Andrew Dana Hudson’s fiction has appeared in Lightspeed Magazine, Vice Terraform, Slate Future Tense, Grist, MIT Technology Review, and more. His work won the 2016 Everything Change Climate Fiction Contest and was runner-up in the 2017 Kaleidoscope Writing the Future Contest. He has a master’s degree in sustainability from Arizona State University and is a fellow at the ASU Center for Science and the Imagination. He is a member of the cursed 2020/2021 class of the Clarion Workshop. He lives in Tempe, Arizona and can be found online at www.andrewdanahudson.com and on Twitter at @andrewdhudson.
Without spoilers, what is your favorite scene in one of your books?
In Bite Somebody, I’m obsessed with the scene when Celia first bites Ian. Unlike pretty much every other vampire romance book EVER, it’s not a romantic moment at all. Instead, it’s Celia being Celia—awkward, unexpected, and hilarious. To this day, I giggle every time I think of Imogene asking Celia, “Do you stutter bite?”
Which of your characters would you most like to meet in real life, and where would the two of you hang out?
Most people would think I’d say Imogene from the Bite Somebody series, but honestly, she’s kind of mean and scary. I would most like to meet the romantic interest, Ian, in real life. One: I based him on a young, black-haired, curly-headed, and tan Benedict Cumberbatch so basically YUM. Two: he’s super positive, cheerful, funny, and excellent at Jeopardy! I am certain he would put me in a good mood, and maybe (with Celia’s permission) we could make out a little. Where would we go? Well, the Drift Inn down on Bradenton Beach in Florida, of course. The bartender, Angry Santa, awaits.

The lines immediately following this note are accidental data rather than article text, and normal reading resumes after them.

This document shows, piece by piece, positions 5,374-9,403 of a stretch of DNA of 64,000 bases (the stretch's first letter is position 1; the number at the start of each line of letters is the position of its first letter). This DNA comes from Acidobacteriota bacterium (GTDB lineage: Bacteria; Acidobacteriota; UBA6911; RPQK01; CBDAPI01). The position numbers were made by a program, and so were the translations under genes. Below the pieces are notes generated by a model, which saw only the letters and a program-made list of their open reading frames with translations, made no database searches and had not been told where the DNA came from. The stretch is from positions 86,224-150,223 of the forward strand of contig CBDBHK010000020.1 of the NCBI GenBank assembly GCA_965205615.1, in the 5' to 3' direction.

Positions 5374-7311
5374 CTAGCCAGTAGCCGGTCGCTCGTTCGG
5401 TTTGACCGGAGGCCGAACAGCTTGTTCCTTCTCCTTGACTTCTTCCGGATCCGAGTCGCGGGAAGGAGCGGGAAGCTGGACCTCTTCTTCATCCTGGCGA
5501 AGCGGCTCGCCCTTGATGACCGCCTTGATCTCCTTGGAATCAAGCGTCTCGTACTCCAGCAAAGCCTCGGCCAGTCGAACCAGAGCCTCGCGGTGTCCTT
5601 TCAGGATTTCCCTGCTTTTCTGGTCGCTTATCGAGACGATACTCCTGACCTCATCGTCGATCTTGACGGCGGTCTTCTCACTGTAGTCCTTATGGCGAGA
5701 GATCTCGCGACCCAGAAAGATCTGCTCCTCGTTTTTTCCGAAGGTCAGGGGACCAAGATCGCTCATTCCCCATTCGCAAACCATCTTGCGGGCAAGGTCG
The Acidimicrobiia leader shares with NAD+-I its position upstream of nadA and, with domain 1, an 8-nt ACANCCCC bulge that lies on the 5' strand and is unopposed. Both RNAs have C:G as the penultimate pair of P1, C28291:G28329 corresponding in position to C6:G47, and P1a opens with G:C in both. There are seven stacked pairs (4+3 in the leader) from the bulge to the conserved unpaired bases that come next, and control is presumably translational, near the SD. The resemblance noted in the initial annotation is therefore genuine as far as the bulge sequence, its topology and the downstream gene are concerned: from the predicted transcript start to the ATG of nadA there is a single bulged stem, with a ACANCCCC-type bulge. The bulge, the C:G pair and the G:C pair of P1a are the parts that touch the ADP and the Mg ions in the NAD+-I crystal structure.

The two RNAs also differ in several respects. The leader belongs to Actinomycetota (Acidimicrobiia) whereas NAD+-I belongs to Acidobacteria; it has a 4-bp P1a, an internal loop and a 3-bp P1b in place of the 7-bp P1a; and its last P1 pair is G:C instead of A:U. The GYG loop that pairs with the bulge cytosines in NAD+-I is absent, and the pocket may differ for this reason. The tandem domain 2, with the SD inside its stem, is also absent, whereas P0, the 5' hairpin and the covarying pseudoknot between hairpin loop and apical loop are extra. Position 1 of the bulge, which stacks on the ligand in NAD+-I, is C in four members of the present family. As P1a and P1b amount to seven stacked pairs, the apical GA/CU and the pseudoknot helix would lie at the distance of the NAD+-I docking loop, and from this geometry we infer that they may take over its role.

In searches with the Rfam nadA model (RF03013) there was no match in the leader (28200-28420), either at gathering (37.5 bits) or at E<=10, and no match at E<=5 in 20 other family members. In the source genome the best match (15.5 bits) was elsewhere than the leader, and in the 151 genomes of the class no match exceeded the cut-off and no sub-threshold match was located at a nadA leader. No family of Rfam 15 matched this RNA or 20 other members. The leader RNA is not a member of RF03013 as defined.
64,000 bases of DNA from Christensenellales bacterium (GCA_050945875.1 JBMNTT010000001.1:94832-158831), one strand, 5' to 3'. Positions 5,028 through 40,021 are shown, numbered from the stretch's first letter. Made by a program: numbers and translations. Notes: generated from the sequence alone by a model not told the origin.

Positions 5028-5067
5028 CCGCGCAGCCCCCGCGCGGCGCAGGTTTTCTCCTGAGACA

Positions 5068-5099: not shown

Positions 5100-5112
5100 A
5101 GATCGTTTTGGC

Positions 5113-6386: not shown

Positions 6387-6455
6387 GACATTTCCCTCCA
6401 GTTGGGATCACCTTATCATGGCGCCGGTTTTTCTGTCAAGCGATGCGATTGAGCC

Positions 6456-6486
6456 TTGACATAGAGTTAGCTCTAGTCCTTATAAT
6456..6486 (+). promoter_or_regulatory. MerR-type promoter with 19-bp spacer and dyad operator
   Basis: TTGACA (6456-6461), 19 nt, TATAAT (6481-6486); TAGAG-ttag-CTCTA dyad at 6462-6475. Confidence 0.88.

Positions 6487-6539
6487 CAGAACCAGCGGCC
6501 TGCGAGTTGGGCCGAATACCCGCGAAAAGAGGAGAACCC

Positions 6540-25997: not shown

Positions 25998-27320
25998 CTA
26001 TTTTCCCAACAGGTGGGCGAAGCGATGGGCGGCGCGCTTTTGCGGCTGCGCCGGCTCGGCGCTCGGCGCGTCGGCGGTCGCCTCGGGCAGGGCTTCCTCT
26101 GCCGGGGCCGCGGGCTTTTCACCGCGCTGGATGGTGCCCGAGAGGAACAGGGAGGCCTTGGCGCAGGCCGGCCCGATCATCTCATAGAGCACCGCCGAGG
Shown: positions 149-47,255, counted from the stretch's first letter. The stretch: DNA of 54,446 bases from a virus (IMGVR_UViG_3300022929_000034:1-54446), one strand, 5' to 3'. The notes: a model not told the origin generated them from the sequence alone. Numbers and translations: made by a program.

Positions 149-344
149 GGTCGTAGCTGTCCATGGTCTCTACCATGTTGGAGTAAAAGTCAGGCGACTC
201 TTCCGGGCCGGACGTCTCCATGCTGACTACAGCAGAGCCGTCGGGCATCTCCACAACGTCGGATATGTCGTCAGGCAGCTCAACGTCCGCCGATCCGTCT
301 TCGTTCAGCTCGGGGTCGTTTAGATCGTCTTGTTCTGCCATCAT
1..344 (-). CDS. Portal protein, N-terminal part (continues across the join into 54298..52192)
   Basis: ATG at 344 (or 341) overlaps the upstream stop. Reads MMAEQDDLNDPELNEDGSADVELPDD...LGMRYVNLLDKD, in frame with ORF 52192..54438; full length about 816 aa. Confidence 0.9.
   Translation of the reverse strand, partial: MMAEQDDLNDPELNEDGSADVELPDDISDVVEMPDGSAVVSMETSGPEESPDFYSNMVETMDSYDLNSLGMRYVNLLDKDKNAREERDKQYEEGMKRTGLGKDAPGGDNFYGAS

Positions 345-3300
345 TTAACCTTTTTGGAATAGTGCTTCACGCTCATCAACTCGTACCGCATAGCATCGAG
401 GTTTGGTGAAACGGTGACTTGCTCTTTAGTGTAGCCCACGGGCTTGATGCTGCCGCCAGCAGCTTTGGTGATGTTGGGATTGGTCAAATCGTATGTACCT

What else have you published recently?
My most recent release is a romantic comedy like Bite Somebody … and it’s set in the same place, based on Longboat Key, Florida. This is Not a Horror Movie is a young adult gay romance that features the adorably awkward, horror movie-obsessed Emory and his long-time, unreachable crush Connor. Together, they must solve a mystery at the beach. They miiiiiiiiight fall in love in the process. Of all my romance novels, the Bite Somebody series and This is Not a Horror Movie are the funniest, but as always, that humor is dark and kinda twisted. Just like me.